Which nuts are good to increase sperm volume?
That is indeed a good question – so, nuts could potentially benefit what’s inside yours?!
You may have heard that male health is declining worldwide. Global testosterone levels are significantly decreasing and sperm quality (count and volume) is also diminishing.
This isn’t great news. However, that doesn’t mean there’s nothing to be done about it.
For starters, improving overall diet and lifestyle is the first move to improve testicular health and that includes, your loads.
So, if you are looking for a magic pill to fix it all, I am sorry to say that such a thing does not exist.
Nevertheless, nuts may not be magical pills but they could be pretty damn close to it!
Let’s discover which nuts are good to increase sperm volume ASAP!
Which Nuts are Good to Increase Sperm Volume? – Facts
Just before digging into nuts…and the health of yours. Let’s talk about a recent groundbreaking study that outlined how nuts could improve your sperm.
Spanish researchers divided 119 men – from 18 to 35 – in two groups. The first group was asked not to modify their diet and thus, they stuck to a typical western diet.
However, the second group was asked to add 60 grams of nuts to their daily diet – or about two handfuls.
The researchers collected blood and semen samples before and after the 14 week study in order to measure the impact of nut consumption on sperm.
The “nut” group saw a 16% increase in sperm count. Additionally, sperm motility, vitality and morphology significantly improved. (1)
So, what are the nuts that they used to see these pretty good results?!
Which Nuts are Good to Increase Sperm Volume?
Almonds, walnuts and hazelnuts but not only!
Such nuts and other ones like Brazil nuts are packed with nutrients that have been scientifically linked to healthier sperm.
They are all good – and in some cases great – sources of omega-3 fatty acids, folate, vitamin E, zinc and selenium (3 Brazil nuts daily are enough to give you enough selenium!)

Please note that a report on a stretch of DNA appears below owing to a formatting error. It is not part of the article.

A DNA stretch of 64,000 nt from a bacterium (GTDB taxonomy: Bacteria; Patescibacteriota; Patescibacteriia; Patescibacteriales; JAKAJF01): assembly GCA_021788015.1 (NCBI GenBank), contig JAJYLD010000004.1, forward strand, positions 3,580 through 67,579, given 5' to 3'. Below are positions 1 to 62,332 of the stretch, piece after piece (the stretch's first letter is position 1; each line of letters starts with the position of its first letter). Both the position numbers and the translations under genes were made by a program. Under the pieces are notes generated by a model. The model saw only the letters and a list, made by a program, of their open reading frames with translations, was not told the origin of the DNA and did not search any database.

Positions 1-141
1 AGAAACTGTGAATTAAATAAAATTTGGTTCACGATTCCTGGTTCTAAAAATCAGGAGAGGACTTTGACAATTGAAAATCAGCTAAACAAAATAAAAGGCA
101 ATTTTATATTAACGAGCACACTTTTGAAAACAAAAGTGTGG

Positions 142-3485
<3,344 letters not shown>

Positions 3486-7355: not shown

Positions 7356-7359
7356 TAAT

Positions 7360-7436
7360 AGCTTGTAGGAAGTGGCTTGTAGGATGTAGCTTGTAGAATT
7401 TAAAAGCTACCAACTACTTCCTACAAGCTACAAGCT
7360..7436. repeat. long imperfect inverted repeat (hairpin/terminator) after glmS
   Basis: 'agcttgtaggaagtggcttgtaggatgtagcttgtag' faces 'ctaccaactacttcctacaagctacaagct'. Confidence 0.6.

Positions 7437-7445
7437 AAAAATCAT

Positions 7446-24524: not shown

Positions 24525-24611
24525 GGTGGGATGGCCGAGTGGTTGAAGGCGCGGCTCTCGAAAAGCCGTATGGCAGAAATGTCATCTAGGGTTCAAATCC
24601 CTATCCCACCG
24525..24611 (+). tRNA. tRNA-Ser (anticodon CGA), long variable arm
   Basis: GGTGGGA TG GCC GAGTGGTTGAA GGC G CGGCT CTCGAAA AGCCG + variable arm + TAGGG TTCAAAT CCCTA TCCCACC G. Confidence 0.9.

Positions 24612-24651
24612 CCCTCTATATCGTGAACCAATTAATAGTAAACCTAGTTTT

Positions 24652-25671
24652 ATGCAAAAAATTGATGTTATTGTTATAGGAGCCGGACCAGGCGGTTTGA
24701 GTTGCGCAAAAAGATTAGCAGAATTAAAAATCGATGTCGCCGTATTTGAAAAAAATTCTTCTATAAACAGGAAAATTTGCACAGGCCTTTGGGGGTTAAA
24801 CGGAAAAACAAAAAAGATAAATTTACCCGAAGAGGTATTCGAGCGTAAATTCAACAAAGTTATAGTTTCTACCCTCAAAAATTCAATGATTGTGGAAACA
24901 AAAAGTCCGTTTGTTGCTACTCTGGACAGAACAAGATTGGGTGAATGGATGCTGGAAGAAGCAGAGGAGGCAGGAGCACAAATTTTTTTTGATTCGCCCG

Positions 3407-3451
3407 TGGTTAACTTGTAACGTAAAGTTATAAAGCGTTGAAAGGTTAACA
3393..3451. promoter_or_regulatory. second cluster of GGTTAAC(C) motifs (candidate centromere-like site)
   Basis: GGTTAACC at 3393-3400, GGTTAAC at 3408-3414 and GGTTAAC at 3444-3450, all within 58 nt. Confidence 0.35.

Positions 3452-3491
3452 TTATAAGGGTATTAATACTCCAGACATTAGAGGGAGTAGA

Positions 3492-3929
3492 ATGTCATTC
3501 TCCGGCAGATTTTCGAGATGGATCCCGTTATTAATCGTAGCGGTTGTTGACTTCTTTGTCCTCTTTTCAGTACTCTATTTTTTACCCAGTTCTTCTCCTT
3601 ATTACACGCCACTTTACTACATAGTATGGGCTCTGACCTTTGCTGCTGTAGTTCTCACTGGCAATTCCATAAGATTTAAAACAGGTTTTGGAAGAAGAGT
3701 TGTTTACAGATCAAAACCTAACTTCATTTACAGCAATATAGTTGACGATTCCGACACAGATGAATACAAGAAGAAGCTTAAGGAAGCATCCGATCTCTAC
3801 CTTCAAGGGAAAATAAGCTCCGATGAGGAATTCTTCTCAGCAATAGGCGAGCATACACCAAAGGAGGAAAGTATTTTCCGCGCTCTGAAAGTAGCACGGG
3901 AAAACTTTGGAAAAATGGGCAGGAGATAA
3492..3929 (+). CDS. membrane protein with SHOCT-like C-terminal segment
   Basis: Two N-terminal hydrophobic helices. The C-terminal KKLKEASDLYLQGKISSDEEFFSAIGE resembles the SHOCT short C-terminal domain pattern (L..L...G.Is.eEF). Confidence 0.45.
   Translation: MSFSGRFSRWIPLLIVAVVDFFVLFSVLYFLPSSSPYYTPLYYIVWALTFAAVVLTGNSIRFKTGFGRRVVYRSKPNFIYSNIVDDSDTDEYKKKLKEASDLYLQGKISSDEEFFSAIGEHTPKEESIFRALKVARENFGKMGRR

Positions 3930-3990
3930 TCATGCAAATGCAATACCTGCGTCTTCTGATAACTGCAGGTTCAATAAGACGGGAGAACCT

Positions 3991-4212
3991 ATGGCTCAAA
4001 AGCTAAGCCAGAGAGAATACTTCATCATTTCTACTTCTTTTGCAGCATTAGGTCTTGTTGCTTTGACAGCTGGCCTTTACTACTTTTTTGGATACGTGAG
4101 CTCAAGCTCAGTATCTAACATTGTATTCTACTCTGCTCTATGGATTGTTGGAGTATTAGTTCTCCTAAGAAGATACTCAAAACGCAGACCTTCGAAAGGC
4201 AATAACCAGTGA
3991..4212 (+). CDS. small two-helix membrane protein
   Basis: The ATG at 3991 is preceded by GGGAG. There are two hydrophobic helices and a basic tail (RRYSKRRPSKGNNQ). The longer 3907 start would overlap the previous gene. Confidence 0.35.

These nutrients are essential to protect your cells, including your sperm cells against free-radical damage and to maintain cellular integrity.
Thus, by boosting your nutrient intake, you will improve your fertility and also, your hormonal regulation, which in turn will also help you have a healthy volume of sperm!
Diet wise, nuts are also a great filling snack. Although, they might be extremely rich – a handful is usually around 200 calories – but these calories happen to be extremely nutritious.
So, if your diet is balanced for the rest of the day, these nuts will provide essential nutrients, such as antioxidants, minerals and fatty acids.
However, not all nuts are created equal – clearly. 😉
Walnuts are packed full with omega-3, Brazil nuts provide more than enough selenium and almonds are high in vitamin E (which is also excellent for skin health and skin conditions such as eczema and psoriasis).
In the past 40 years, sperm counts have dropped a whooping 50% worldwide. Most factors that may play a role in this radical decrease are pollution, terrible diets, substance abuse, sedentary lifestyles and smoking. (2)
So, if you are worried about the health of your sperm, take action. Things won’t change if you don’t.
Make sure your diet is packed with nutrient-rich foods such as colourful vegetables, a little bit of fruit, legumes, wholesome cereals and good quality alcohol (both things in moderation), grass fed protein and dairy, and of course, a good handful of mixed nuts daily!
Finally, exercise is essential for hormonal health (good testosterone levels) and of course, sperm health.
Therefore, make sure to exercise at least 3 times a week and mix cardiovascular to resistance exercises to improve your overall and sexual health on the long run.
Still, do not feel guilty if you indulge once or twice every two weeks. It won’t kill you and frankly, life without guilty pleasures, isn’t worth living or not quite as nice!
This article was written Michael King.
(1) Effect of nut consumption on semen quality and functionality in healthy men consuming a Western-style diet: a randomized controlled trial. Salas-Huetos A, Moraleda R, Giardina S, Anton E, Blanco J, Salas-Salvadó J, Bulló M. Am J Clin Nutr. 2018
(2) Temporal trends in sperm count: a systematic review and meta-regression analysis. Hagai Levine, Niels Jørgensen, Anderson Martino-Andrade, Jaime Mendiola, Dan Weksler-Derri, Irina Mindlis, Rachel Pinotti, Shanna H Swan. Human Reproduction Update, Volume 23, Issue 6, November-December 2017